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No More Wrong Turns

August 25, 2009 Article Start Previous Page 2 of 6 Next

A point of note: the danger of maps that are fully uncovered is that the player might not know where he's been already. In such cases it's often useful to show the entire map but display unvisited areas differently to give hints as to which places to check out if the player is stuck. Ultima Underworld: The Stygian Abyss provided the players with the ability to add comments to the map. This could often be used to mark areas that were already investigated and explored.

In games where discovery is important, uncovering areas of the map can be fulfilling. The player first has to find out about the environment, and sometimes finding pieces of the map can even be a reward in itself.

For example, in Metroid Prime 3: Corruption, the levels are peppered with secret rooms. In this game the player can unlock all the rooms of the current level on his map which makes it a lot easier to find these rooms. Here the map becomes part of the reward system.

A negative point of note about this map, though, is that it is in 3D, which makes it a bit hard to use. It's still quite good compared to other attempts at 3D mapping though. For example, the map in Splinter Cell: Chaos Theory is in 3D, and it's anything but easy to use. Using 3D makes it much harder to quickly understand the complex space -- which partially defeats the purpose of the thing in the first place.

Of course, video games can also create impossible spaces that are very difficult to map in a way that is easily understood: Corridors that return the player to the starting position, even though they are a straight line, or doors that lead the player to different places each time they're opened. In these cases, a map is usually not much of a help, especially as these designs are often meant to intentionally confuse the player.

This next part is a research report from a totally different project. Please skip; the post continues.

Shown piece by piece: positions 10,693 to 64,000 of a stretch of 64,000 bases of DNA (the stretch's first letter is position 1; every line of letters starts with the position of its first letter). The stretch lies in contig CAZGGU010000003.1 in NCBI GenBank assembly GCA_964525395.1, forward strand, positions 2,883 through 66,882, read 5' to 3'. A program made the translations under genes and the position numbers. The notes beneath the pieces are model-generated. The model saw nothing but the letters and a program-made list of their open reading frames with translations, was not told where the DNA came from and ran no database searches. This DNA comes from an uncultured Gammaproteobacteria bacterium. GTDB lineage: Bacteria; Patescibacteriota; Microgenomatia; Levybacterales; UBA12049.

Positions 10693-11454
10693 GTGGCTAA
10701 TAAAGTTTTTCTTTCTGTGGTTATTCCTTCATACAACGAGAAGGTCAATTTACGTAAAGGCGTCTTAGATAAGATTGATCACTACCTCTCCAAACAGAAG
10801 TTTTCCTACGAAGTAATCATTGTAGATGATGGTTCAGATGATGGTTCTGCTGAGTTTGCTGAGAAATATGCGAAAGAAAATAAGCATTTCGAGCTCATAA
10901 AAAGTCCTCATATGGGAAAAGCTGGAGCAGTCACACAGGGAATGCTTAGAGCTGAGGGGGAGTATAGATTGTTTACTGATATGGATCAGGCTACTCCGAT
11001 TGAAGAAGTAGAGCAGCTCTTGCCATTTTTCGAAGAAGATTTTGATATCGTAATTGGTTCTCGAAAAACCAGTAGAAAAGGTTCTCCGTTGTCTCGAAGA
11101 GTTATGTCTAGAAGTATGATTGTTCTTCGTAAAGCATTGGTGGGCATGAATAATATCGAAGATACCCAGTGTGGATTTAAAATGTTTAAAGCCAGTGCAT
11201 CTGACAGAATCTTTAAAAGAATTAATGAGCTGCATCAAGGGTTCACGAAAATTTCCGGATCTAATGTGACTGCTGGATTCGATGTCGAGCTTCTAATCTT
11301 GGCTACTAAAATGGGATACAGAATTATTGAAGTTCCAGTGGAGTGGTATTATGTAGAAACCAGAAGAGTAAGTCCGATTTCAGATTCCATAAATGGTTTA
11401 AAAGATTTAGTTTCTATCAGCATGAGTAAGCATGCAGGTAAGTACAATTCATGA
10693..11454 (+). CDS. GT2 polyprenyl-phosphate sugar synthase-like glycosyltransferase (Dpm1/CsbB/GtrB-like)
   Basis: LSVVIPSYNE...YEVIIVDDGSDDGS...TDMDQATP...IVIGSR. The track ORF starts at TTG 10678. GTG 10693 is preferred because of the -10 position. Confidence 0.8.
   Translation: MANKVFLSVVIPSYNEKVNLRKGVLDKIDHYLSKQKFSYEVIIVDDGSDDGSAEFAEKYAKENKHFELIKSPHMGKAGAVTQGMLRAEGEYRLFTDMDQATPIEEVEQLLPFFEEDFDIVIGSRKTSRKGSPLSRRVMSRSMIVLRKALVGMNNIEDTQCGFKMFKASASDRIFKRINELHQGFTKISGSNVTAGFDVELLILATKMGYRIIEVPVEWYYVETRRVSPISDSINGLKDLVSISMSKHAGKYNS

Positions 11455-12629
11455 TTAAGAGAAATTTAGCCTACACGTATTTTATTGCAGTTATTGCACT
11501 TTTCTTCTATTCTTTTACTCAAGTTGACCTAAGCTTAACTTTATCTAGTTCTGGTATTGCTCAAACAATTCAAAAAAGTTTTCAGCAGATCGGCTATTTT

The Marker

The next type of tool is what I've dubbed "markers". A marker highlights a certain position or area in the world through a discrete interface element. Kind of like "augmented reality".

Note that this element can be a 2D graphic or 3D model. Also some markers are also only visible when the associated object or place is visible, while others can be seen even through walls and other obstacles.

Markers are very useful to lead the player to a certain position in the world -- even if it is in motion. Because of they are often used to identify important areas of interest, like the positions of teammates or enemies to make it easy to reinforce, engage or evade. Or they draw attention to objectives or other places of potential interaction.

For example, the exclamation mark icons over the quest givers in World of Warcraft are what I would call a marker. They make it easy for the player to navigate to important places where he can interact with the game.

Another example of Markers would be Left 4 Dead, where icons are used to highlight critical resources (ammo, weapons or "peels") and places of interaction (crescendo moment triggers).

L4D also highlights the locations of your fellow teammates with a halo around their forms, with the color displaying their current state. And last but not least, when a teammate can be brought back into action, a silhouette shows where the team has to go to free him or her.

Another well done use of this can be found in Unreal Tournament 3. Here, players new to a team-based multiplayer map can activate animated help arrows which show the way to the enemy flag. This is a good way to quickly teach new players the maps. This idea of marking the path rather than the target is also used in the help system of other games such as Army of Two and Dead Space.

An unconventional example for a marker are the red objects in Mirror's Edge. These change color to highlight the obstacles the player can interact with. This is straddling the line between immersed and discrete tools, since we're talking about objects that are a part of the world. However since these change color as the player approaches, they are definitely interface and not a part of the world itself.

Apart from those examples I also want to highlight -- pun not intended -- another game's use of Markers: Anno: Create a New World for Wii. In Anno, the game sometimes places position and/or area markers to point to certain positions. This is used to show the player where to build his first house or where to steer his ship in order to advance the story.

However, the top-down view in Anno can only display markers when they're on the screen. If you don't look at the destination you have to steer your ship to, then you won't see the marker, which doesn't help much if the player has to find the spot in the first place. And that's where the next discrete tool comes in.

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